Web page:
Order Cycle Time

Updated on March 26, 2024
Article byAswathi Jayachandran
Edited byAswathi Jayachandran
Reviewed byDheeraj Vaidya, CFA, FRM

What Is Order Cycle Time?

Order cycle time in logistics represents the average duration required to dispatch an order from the moment it is placed. Notably, this metric excludes the actual shipping time, making it a paramount Key Performance Indicator (KPI) for vigilantly monitoring a business’s order fulfillment process.

Order Cycle Time

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This is a critical parameter for evaluating the effectiveness of fulfillment and impacts other KPIs, such as order lead time and the rate of on-time shipping. Longer cycles cause delays and longer delivery periods, leading to customer dissatisfaction or unhappiness. Shorter cycles reflect higher client satisfaction and help companies be competitive.

Key Takeaways

  • Order cycle time is the average time it takes to ship an order from the moment it is placed to the time of delivery.
  • To improve cycle time, businesses can streamline the process, implement an order management system, collaborate with reputable companies, train employees, and optimize warehouse management.
  • Enhancing cycle time through the removal or reduction of unproductive tasks can raise customer satisfaction levels.
  • Order cycle time and lead time are different concepts. Lead time measures the time it takes for a product to pass through the entire value stream.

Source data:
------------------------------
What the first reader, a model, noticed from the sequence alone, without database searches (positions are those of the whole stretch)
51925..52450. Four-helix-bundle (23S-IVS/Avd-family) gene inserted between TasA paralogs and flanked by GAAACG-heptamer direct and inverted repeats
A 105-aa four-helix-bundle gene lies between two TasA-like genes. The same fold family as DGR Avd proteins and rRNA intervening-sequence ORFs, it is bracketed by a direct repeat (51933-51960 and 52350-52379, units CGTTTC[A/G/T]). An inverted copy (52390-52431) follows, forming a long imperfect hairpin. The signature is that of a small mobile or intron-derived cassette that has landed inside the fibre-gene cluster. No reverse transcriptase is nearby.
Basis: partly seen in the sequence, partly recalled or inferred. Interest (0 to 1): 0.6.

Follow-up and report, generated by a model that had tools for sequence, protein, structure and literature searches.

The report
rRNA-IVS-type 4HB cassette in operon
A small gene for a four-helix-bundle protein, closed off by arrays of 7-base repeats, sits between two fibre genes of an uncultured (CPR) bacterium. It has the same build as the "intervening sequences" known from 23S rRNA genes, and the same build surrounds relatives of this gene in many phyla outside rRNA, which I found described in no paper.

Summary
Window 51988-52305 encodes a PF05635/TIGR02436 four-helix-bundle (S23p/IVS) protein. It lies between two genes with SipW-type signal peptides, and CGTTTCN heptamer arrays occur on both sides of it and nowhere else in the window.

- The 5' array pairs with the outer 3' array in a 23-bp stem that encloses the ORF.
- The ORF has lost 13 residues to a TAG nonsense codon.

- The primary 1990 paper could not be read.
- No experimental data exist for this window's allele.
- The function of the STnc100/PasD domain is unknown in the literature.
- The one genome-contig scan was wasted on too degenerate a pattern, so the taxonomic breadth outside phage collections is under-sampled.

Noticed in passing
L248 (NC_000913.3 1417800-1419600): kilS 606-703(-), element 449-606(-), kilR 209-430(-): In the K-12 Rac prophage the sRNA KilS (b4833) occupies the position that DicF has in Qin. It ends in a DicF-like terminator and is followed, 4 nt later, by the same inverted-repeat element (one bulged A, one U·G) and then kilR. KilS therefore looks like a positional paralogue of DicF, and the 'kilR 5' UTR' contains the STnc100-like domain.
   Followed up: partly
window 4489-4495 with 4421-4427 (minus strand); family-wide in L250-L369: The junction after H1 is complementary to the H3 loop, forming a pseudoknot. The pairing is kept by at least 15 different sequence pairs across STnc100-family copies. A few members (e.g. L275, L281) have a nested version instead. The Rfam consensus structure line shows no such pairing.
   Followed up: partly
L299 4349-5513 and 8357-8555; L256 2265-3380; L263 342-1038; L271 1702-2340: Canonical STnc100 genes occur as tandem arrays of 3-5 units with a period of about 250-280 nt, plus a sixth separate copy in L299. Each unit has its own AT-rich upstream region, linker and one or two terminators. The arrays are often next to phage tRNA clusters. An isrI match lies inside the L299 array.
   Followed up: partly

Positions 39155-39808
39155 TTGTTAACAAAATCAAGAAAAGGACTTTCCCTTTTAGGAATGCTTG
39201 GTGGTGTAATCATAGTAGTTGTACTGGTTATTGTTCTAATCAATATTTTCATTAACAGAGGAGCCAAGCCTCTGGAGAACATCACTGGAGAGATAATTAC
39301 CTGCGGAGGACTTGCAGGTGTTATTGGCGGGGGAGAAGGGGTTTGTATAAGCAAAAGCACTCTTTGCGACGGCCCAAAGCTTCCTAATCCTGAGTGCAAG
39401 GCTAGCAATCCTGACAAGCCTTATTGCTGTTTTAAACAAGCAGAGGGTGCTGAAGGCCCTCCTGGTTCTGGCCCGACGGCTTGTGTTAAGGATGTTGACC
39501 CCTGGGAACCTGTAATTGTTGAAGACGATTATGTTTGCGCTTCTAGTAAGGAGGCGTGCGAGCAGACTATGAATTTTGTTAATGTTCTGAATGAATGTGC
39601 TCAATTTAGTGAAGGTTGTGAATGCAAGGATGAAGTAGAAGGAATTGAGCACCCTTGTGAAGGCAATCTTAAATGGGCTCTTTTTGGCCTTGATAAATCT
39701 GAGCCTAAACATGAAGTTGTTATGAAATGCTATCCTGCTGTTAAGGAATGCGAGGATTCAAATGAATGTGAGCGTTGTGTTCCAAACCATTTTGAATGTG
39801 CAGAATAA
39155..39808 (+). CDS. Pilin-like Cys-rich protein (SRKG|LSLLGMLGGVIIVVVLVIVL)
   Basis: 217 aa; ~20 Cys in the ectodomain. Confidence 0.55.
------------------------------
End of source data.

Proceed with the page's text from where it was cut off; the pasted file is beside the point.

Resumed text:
Order Cycle Time Explained

The order cycle time in logistics is the time between order placement and delivery. This includes the time required for processing, preparing, sending, and shipping the order. Assuring customer satisfaction in logistics often depends on lowering order cycle time.

It can be measured in various ways. The first method includes calculating the time from when an order is placed until it is shipped. It can be broken down into individual stages, such as receiving the order from the warehouse, picking and packing it, and shipping it. Other methods involve measuring the time of the order placed until the order is invoiced or when the order invoice is received until payment is received. Other techniques include timing the order from when it is placed to the time it is invoiced. It could also be from when an invoice is received to when it is paid for.

In a business process, real work takes up very little of the time elapsed; the remainder is devoted to unproductive tasks. Enhancing cycle time by removing or reducing these tasks can raise customer satisfaction. In addition to quality, cost, delivery, and technological performance, organizations compete on timeliness and performance. Increases in customer satisfaction are a direct result of shorter delivery times for goods and services. Businesses should identify the common reasons for cycle time performance to increase performance.

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The formula for calculating order cycle time is:

Order cycle time = (Delivery date – Order date)/ Total orders shipped